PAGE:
However, the students may not always be able to schedule an interpreter outside of class time for many due to a myriad of reasons. d/Deaf and hard of hearing clients that come in without an interpreter need to be able to see you, and have something to write on, like paper or a computer. If a d/Deaf client does come in without and interpreter, do not get nervous or refuse to help them. Just be open-minded and assist them in any way you can. When working with interpreters, the tutor must be cautious of not including diction from themselves or the interpreter. When interactions are not interpreted verbatim, this takes the client/writer out of their own paper and has the tutor or interpreter inserted.

General Tips for Consultations

d/Deaf and hard of hearing clients prefer to work on their writing via computer instead of a hard-copy piece of paper. This is because it is easier to follow along and you can communicate through an online chat function if needed. Also, if you both have access to it and can work through it simultaneously, there is no need to read aloud. Reading aloud is common during consultations, but this makes following along more difficult for d/Deaf clients.

d/Deaf and hard of hearing clients are typically grouped with ESL/ELL students in classrooms, but the errors that consistently arise are different to ESL/ELL students. There are usually small grammatical errors (e.g.,  “The store wasn’t opened yet”), but they also have “deep-structure errors.” These errors stem from the d/Deaf client not being able to be audibly immersed in the English Language. “Because audible English immersion is impossible for deaf students, deaf writers face much greater difficulties in overcoming English writing barriers and meeting American academic standards than their non-native hearing counterparts” (Schmidt et al. 8). That and how ASL and English share no structural similarities, mentioned previously. So, d/Deaf clients primarily want to focus on local/low-order errors rather than global/high-order errors because of their grasp on grammar and structure rules.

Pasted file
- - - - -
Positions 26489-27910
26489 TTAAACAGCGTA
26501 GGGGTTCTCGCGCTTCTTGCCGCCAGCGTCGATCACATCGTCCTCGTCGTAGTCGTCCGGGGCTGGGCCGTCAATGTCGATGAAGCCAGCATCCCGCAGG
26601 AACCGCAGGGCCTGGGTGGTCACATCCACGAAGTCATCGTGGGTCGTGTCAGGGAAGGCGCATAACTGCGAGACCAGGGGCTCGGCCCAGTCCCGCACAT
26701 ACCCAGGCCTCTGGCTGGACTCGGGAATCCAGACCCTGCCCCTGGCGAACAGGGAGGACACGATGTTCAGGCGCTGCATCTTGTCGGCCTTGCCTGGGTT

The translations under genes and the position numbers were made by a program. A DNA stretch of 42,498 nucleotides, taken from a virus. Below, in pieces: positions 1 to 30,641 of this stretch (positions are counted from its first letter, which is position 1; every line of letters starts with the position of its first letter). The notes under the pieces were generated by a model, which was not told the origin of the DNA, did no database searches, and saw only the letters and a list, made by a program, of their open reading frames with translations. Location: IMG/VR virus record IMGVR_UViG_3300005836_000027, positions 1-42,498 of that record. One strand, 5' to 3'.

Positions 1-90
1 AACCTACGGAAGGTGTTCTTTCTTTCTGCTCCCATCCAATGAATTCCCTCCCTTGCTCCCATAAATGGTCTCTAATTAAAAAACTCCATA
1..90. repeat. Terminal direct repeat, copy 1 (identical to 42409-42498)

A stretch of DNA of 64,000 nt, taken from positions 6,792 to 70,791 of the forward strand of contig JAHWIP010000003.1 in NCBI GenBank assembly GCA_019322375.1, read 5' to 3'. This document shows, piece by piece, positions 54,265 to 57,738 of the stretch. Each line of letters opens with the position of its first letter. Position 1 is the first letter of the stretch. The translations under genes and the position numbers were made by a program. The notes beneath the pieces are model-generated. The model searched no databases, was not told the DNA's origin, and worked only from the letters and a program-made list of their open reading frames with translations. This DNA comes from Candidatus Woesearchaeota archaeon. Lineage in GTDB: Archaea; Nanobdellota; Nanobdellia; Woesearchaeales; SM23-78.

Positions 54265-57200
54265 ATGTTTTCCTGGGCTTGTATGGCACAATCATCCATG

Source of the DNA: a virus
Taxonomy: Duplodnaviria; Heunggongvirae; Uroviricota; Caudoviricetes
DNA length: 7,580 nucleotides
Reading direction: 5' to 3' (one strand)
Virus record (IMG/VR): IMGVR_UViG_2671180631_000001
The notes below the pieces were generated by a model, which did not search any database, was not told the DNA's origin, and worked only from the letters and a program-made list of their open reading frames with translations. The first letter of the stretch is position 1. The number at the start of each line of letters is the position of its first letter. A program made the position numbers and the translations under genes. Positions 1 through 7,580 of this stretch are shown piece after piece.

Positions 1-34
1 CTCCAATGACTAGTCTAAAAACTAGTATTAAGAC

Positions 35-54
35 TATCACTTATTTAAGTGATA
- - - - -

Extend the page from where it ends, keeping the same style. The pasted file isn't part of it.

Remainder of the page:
Overall, the best way to benefit d/Deaf and hard of hearing clients is to be flexible, open-minded, and patient. Tutors are taught to have a more “hands-off” tutoring approach and help the client through inquiry-based tutoring. d/Deaf and hard of hearing clients prefer a more directive tutoring approach (Babcock 102). Showing them where there are errors or brainstorming alongside them is an excellent way to assist them. Assessing the needs of your client and adapting your tutoring model around the client will not only benefit d/Deaf and hard of hearing clients, but every client that visits the writing center.

Works Cited

Babcock, Rebecca Day. “Interpreted Writing Center Tutorials With College-Level Deaf Students.” Linguistics and Education, vol. 22, 2011, pp. 95-117.

Schmidt, Katherine, et al. “Lessening the Divide: Strategies for Promoting Effective Communication Between Hearing Consultants and Deaf Student Writers.” The Writing Lab Newsletter, vol. 33, no. 5, January 2009, pp. 6-10.

Wood, Gail F. “Making the Transition from ASL to English: Deaf Students, Computers, and the Writing Center.” Computers and Composition, vol. 12, 1995, pp. 219-226.

Author Bio

Alison Green is a master’s student at Oklahoma State University, where she serves as a writing center consultant and a first-year composition instructor. Her areas of interest include feminist studies and disability studies.